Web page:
|Synth Site: Yamaha: DD-5: User reviews Add review|
|Average rating: 4.4 out of 5|
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|birdbrain a hobbyist user writes:|
its allright. get it cheap
|posted Monday-Feb-24-033 at 21:26|
|L.B. Noire a hobbyist user from Texas writes:|
I bought my Yamaha DD-5 new back in '88 or '89 for around $100. It was one of the best equipment purchases I've made. It is built like a tank and hasn't given me problems in the nearly 15 years I've had it.
I originally bought it to use as a trigger for my then-new Alesis HR-16. Although the pads are velocity-sensitive they don't repond to very light tapping. It doesn't matter because I usually bang the crap out of it. Lately I've been playing directly into Waldorf Attack for some wonderful CR-78 sounds.
The built-in sounds are almost useless unless you want to go for a cheesy lo-fi retro sound (although I am fond of the snare sound). It's main strength is as a low-cost drum trigger. For under $50 you can't go wrong.
|Rating: 4 out of 5 posted Thursday-Jan-23-033 at 16:11|
|Yeah whatever a hobbyist user from south england writes:|
I got the DD-5 from some el cheapo 2nd hand music shop in a ghetto. As you may expect, the sounds included are indeed quite pants :)
However, put that biotch through a multi-effects peddle and amplifier and it becomes an evolved beast. It's bloody easy to use and is good for just drumming along to a few songs.
I've gotta use the MIDI thing and see if I can figure out how to get the sounds out the computer, but as I'm hopeless with computer music, I canneh be assed at the moment.
I recommend this to all beginners.
|Rating: 5 out of 5 posted Wednesday-Dec-04-022 at 06:14|
|UralTEK a hobbyist user from Finland writes:|
I agree with other users: good budget MIDI drum trigger, anemic sounds. I've been dreaming of a midi drum pads for a while, but found them too expensive (and hard to find too). Then I found this relatively cheap from a second hand shop. Forget its own sounds (well, atleast if not heavily processed) and use it just as a midi trigger. It has never been so much fun playing hardcore techno drums live, like "real" drums. Booomm kssh booomm kssh... =) Build quality seems to bee good: the front panel - although plastic - is thick, so it won't break if you hit it instead of a pad. It can be used with batteries instead of PSU. And there's even a place in the bottom for the drumsticks, good for portability! I only wish it had eight drum pads instead of just four...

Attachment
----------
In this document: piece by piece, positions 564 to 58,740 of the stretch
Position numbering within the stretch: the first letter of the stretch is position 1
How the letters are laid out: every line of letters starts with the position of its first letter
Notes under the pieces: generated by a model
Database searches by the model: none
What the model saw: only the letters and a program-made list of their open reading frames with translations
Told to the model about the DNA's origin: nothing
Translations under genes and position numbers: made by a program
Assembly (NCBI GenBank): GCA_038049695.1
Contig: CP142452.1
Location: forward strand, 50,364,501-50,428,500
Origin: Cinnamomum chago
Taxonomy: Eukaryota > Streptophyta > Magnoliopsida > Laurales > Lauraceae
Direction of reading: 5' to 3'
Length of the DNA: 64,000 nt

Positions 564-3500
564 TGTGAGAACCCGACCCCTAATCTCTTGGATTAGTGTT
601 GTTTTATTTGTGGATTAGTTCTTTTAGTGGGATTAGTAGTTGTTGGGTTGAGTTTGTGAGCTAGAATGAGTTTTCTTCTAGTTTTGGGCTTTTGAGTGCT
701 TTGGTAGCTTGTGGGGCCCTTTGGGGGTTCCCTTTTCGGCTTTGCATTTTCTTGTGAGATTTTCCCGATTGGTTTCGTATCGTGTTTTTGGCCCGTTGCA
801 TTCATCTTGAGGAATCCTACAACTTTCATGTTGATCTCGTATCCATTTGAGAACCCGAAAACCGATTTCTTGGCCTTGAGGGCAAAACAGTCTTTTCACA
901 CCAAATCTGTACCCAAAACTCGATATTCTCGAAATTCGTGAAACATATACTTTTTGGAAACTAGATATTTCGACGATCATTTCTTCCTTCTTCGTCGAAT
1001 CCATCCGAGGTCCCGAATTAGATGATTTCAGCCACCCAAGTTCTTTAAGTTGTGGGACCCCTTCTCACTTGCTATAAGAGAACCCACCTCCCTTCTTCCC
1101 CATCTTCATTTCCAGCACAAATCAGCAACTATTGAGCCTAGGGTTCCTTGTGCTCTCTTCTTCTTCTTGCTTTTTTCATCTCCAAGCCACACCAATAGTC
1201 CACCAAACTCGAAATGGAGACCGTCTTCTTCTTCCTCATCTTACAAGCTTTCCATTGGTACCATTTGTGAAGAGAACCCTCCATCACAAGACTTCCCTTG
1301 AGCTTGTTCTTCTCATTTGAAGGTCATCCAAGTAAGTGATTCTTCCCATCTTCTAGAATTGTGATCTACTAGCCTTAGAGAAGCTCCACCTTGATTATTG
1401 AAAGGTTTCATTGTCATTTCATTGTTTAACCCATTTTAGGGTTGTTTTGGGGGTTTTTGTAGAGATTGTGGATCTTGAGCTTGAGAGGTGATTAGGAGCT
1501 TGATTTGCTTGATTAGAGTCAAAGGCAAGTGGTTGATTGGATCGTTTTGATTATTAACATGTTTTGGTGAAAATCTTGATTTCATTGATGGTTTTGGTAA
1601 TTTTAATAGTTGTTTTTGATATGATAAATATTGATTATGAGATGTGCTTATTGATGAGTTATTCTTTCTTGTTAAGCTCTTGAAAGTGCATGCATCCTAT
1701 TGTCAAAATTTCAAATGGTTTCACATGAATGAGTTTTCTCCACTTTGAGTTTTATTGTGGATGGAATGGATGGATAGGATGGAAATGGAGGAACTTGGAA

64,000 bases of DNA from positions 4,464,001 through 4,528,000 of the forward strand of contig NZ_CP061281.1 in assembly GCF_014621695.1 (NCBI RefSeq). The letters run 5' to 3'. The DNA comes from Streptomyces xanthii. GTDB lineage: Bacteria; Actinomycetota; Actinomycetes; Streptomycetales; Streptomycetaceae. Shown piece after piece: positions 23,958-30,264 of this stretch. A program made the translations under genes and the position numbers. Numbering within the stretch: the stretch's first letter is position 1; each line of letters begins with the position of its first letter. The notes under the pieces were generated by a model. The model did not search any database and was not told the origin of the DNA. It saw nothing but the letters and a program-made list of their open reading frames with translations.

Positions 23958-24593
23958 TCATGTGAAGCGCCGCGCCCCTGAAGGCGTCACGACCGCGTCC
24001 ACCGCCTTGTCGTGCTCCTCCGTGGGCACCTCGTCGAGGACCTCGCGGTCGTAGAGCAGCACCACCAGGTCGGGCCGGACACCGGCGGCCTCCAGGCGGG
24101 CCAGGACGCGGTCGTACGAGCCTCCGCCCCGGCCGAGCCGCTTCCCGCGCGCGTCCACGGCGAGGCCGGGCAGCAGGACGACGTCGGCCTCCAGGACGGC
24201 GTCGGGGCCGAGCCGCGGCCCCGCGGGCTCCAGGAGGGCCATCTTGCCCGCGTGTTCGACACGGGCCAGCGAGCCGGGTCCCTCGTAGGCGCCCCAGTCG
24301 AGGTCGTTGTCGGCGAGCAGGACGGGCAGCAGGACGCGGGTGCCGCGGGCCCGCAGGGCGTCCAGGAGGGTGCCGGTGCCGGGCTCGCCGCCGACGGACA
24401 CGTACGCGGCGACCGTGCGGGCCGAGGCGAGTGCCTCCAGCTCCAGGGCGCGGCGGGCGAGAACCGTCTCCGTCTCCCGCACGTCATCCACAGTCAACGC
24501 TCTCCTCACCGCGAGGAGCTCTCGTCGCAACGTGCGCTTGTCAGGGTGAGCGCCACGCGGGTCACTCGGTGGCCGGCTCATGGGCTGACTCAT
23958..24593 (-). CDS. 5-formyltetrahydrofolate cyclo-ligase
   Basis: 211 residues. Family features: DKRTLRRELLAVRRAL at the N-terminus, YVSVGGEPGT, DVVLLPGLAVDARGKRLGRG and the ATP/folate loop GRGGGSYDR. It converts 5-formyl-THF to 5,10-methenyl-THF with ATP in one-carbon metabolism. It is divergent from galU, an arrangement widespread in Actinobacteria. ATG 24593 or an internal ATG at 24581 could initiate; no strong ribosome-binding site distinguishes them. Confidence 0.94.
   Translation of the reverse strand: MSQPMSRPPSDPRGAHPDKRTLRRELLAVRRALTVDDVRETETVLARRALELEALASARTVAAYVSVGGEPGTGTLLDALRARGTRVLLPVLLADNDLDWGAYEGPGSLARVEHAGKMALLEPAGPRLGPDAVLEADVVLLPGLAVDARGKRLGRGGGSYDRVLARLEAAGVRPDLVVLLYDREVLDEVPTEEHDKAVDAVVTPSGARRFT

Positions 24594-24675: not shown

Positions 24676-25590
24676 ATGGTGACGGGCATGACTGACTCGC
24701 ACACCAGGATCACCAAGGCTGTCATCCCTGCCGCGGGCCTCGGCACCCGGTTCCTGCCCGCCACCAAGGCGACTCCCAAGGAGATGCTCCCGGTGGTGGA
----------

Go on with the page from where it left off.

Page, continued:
I won't give it better marks than three just because there are much better drum trigs available. But if you consider the price, I would give it four.
|Rating: 3 out of 5 posted Wednesday-Oct-16-022 at 09:24|
|november (a.k.a. nuckles) a professional user from bakersfield ca writes:|
I got turned on to dd (digital drums) by my good friend and drummer for Adema Chris Koles. I figured out some wicked uses for my (I actualy modified the DD-5 unit And mounted the pads seperate!) Y DD-5... First I like to run it thru a bass synth, I am using a Ibanez SB7. That alone is not good enough,,, you need a pitch/delay like the Boss digital pitch shifter/delay I am also using. Just running the drum machine alone using the BS and PS/D gives you a wicked Duran Duran (sometimes skinney puppy or better!) sounding sequencer. Now on top of that you can pull some even better syn sounds out of the pads, use a radio shack mini mixxer w/ the midi and you have four of the coolest sum bee-otches on this planet you can't live w/out!
Hey and you can lose the hum by takiging it to a "electronics" guy like a T.V. VCR guy and asking for a 1/4 inch pre-amp plug in. If it still hums the jerk just wired it to the headphone jack, it has to be wired PRE-AMP... Im tellin' you no hum. It's one of the best PRO cheapo finds on this great planet earth! :)
|posted Thursday-Aug-29-022 at 00:14|
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